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We started sending pictures back to their birth family.  Actually, we thought we had already been doing that, but found out last year it wasn’t really happening.  Ethiopia requires an annual adoption report.  These are supposed to be kept on file at the orphanage and be accessible to the birth families.  Long story short, we connected with the director of their old orphanage mid last year and learned he never received any of the reports we sent.  So, we contacted the searcher we had used before.  We sent her a package full of pictures, drawings, a letter, and even a necklace with the kids’ pictures on it.  The searcher delivered it and sent us back pictures of the family.  What a priceless gift!  The kids really treasured having current pictures of their birth family!  We just sent another package and are expecting more pictures any day now.

We talk about adoption a LOT.  Diva is all too happy to talk about it; last summer we found her in a hotel hot tub telling a stranger lady how she had spent two years in the orphanage.  Smiles, not so much.  He hates to talk about it, and even yells at Diva when she does.  Over the course of the last year that wall has started to come down.  He still has a ways to go, but he no longer completely shuts down when he hears the word “Ethiopia”.  He also started sharing some memories.  I won’t put them on here as they are his stories to tell, but he remembers quite a bit about his years in Ethiopia.  Some memories are good, others not so much. We have been talking about making a trip back in a few years and he has no desire to go.  He shared the other day that he is worried his birth family will want him to stay.  He’s a typical guy, getting him to talk about his feelings or anything beyond surface level is a major feat, but we’ll continue to work on this issue over the coming years.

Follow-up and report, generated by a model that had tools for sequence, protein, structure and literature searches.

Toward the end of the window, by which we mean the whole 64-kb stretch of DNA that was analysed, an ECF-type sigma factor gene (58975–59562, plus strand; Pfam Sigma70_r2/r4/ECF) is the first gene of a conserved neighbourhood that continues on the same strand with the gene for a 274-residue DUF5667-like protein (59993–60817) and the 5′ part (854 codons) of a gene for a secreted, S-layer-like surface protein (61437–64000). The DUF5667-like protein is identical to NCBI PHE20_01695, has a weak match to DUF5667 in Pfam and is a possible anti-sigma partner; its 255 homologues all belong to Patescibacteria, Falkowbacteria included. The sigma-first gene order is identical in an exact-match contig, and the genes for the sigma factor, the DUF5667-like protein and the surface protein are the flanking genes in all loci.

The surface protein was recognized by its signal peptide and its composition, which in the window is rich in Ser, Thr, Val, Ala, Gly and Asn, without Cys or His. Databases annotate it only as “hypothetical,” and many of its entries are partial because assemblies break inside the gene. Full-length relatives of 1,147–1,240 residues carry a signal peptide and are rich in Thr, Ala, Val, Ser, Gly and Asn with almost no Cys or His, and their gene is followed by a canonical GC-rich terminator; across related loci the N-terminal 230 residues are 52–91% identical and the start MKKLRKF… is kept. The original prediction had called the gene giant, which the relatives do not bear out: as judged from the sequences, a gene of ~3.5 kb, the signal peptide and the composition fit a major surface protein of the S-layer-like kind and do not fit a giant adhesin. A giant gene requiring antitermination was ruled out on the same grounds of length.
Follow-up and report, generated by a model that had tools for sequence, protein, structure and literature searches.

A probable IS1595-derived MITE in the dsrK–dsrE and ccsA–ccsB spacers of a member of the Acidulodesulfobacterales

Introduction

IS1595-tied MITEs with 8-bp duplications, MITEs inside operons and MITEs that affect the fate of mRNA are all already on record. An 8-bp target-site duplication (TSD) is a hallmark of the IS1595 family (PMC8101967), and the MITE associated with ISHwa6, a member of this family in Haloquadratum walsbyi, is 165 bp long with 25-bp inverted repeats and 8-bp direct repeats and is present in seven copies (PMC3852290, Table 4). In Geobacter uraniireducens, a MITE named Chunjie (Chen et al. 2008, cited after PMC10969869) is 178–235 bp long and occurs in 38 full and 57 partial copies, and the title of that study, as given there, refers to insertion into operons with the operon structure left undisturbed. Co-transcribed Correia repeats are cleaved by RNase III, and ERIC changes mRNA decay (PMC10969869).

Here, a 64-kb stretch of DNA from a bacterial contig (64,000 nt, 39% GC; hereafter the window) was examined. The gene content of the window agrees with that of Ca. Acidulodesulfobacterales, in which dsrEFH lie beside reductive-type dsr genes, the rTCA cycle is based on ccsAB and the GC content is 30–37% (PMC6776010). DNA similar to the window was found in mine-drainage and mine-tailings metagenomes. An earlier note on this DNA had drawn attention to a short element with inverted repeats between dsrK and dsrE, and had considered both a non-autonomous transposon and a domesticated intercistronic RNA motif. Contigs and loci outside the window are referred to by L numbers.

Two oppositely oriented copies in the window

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We’re lucky in that our kids came from a loving background.  For our situation, I’m very much a believer in sharing as much information as possible and having an open and ongoing dialogue about adoption.  I was so encouraged when Smiles was willing to let his teacher read the adoption book and even have a discussion around adoption today.  This would not have happened in the past.

The latest issue we’ve been dealing with is sibling jealousy.  It’s not uncommon for adopted children to be jealous of biological children for all the reasons you’d think- biological children look like their parents, they don’t have the struggles adopted children have, etc.  Complicating our case is the fact that our biological children are younger than our adopted children, so I sometimes overlook things with my bios that I don’t with my adopteds. Complicating it further is the fact that Wiggles is super book smart but socially immature, so Diva sees him as an intellectual equal and doesn’t understand why he throws fits when his dinner isn’t served on the orange plate…and why I try to be patient with him when he throws said fits.

I go to an adoption conference every winter and walk away from it so filled (if you are any type of adoptive or foster parent, I highly recommend it).  I am reminded of what a special path adopted kids take, and how my job as their mommy stretches far beyond my biomommy responsibilities.  I’m far from perfect- like, really far- but I walk away remembering that each child is created in God’s image and what an awesome honor it is to parent them.